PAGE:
Filmmakers and artists in general have a tendency to judge their characters. Here’s the good guy, here’s the bad guy. Here’s the problem that needs to be solved for the leading man or lady to be happy by the end of the movie or damned because of their bad behavior. There’s a much lesser version of the true story of “Nomadland,” based on the book by Jessica Bruder, that does all of this, melodramatizing Fern’s story into one of redemption. Fern doesn’t think she needs to be redeemed or saved, and Zhao doesn’t push buttons in an attempt to make us feel sorry for her either, while also somehow never underestimating the loneliness and sadness of her situation. The result is a film that earns its emotions, which come from genuine, honest empathy more than anything else.
Of course, this is impossible with a lesser actress than Frances McDormand anchoring every single scene. We see this world through McDormand’s performance, one of the most subtle and refined of her career. Fern is such a stunningly complex woman, someone who can be restless to a degree that feels self-sabotaging but is also incredibly warm and open with her people. She makes friends everywhere she goes, like the ladies she goes to an RV show with, or the young man she gives a light to. McDormand does so much with a glance or a wry smile that other actors couldn’t convey with an entire monologue. We see a whole life in this performance. Every beat and every choice has history behind it. It’s one of the best career performances from one of our best actresses. It’s just breathtaking.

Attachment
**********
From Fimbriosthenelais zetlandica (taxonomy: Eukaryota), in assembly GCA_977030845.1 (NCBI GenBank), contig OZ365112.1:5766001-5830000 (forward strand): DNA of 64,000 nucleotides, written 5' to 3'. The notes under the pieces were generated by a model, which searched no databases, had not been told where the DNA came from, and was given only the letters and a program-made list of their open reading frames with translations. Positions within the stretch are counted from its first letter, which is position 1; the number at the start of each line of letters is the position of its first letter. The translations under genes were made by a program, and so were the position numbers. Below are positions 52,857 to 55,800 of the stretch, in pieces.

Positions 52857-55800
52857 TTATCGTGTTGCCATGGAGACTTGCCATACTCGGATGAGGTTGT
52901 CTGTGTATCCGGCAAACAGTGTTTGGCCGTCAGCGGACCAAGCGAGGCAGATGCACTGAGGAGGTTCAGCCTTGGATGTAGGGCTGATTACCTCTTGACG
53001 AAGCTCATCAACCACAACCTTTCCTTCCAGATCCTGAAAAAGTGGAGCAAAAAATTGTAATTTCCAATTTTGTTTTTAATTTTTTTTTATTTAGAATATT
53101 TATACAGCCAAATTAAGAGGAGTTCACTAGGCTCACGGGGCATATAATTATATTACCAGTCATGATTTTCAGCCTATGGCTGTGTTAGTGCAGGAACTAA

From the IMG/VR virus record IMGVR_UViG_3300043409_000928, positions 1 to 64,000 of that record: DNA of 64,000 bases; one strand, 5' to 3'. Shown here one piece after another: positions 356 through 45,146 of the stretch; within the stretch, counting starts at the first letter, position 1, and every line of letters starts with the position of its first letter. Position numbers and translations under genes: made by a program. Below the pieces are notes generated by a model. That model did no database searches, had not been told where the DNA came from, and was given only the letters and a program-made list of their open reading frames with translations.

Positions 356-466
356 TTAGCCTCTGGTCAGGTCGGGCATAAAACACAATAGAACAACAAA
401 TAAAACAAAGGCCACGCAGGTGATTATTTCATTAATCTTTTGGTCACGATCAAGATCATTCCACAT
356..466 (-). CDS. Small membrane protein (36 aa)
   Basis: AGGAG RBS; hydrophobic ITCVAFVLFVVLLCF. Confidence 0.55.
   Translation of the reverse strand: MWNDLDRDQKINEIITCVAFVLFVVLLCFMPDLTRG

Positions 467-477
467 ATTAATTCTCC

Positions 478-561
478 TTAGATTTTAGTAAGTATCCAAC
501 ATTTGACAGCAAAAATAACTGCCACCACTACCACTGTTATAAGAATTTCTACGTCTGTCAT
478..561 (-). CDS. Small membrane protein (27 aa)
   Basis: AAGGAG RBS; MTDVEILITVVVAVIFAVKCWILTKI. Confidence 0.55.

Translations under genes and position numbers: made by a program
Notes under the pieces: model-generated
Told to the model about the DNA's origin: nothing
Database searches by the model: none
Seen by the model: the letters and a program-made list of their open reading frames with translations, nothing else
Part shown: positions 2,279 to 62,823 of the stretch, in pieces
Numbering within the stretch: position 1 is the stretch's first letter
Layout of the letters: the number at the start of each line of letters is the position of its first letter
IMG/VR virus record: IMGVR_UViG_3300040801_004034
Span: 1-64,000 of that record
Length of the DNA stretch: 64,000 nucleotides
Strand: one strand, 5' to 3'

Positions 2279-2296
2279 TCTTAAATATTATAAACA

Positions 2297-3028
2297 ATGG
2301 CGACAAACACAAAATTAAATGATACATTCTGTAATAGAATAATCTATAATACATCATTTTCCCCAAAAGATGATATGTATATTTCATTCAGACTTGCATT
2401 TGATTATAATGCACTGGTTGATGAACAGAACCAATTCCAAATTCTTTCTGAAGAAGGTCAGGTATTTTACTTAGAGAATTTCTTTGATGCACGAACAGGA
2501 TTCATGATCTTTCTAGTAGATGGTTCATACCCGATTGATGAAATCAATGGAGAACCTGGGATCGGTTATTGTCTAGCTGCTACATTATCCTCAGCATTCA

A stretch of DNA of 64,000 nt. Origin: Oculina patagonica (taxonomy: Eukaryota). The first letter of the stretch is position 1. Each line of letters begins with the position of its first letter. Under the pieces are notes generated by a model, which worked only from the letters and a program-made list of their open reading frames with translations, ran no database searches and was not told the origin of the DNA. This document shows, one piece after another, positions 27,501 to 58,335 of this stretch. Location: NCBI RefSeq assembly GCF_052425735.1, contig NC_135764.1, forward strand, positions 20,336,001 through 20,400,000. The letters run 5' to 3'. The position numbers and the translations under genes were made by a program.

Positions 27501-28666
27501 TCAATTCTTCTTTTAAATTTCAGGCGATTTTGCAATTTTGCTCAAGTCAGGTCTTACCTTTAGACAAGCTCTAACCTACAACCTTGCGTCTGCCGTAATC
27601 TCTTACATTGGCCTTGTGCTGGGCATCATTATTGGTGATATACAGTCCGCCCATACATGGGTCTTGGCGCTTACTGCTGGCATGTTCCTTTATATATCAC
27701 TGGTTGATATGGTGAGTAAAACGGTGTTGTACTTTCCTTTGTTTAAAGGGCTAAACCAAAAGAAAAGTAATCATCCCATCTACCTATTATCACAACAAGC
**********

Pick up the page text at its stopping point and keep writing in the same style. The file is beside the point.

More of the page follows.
And Zhao matches what she’s getting from McDormand in “Nomadland” with her stunning technical prowess. She reunites with Joshua James Richards, the cinematographer on “The Rider,” and the pair again find beauty in the landscapes of the country. Fern’s journey takes her all across the United States and Zhao and Richards lean into the majesty of the world around her with long shots of the horizon, most of them seemingly shot at the magic hour. It’s a beautiful film just to experience, and it’s not just in “beauty shots.” Everything about the visual language of “Nomadland” is striking—just the way Richards and Zhao slowly glide their camera with Fern through a community of van-dwellers can feel lyrical while somehow never losing the truth and grit of the moment either. It’s honestly hard to figure out how Zhao has made a film that’s this beautiful in its compositions and somehow still feels like it has dirt under its fingernails. A moving score by Ludovico Einaudi that’s easily my favorite of the year adds to the poetry of it all.
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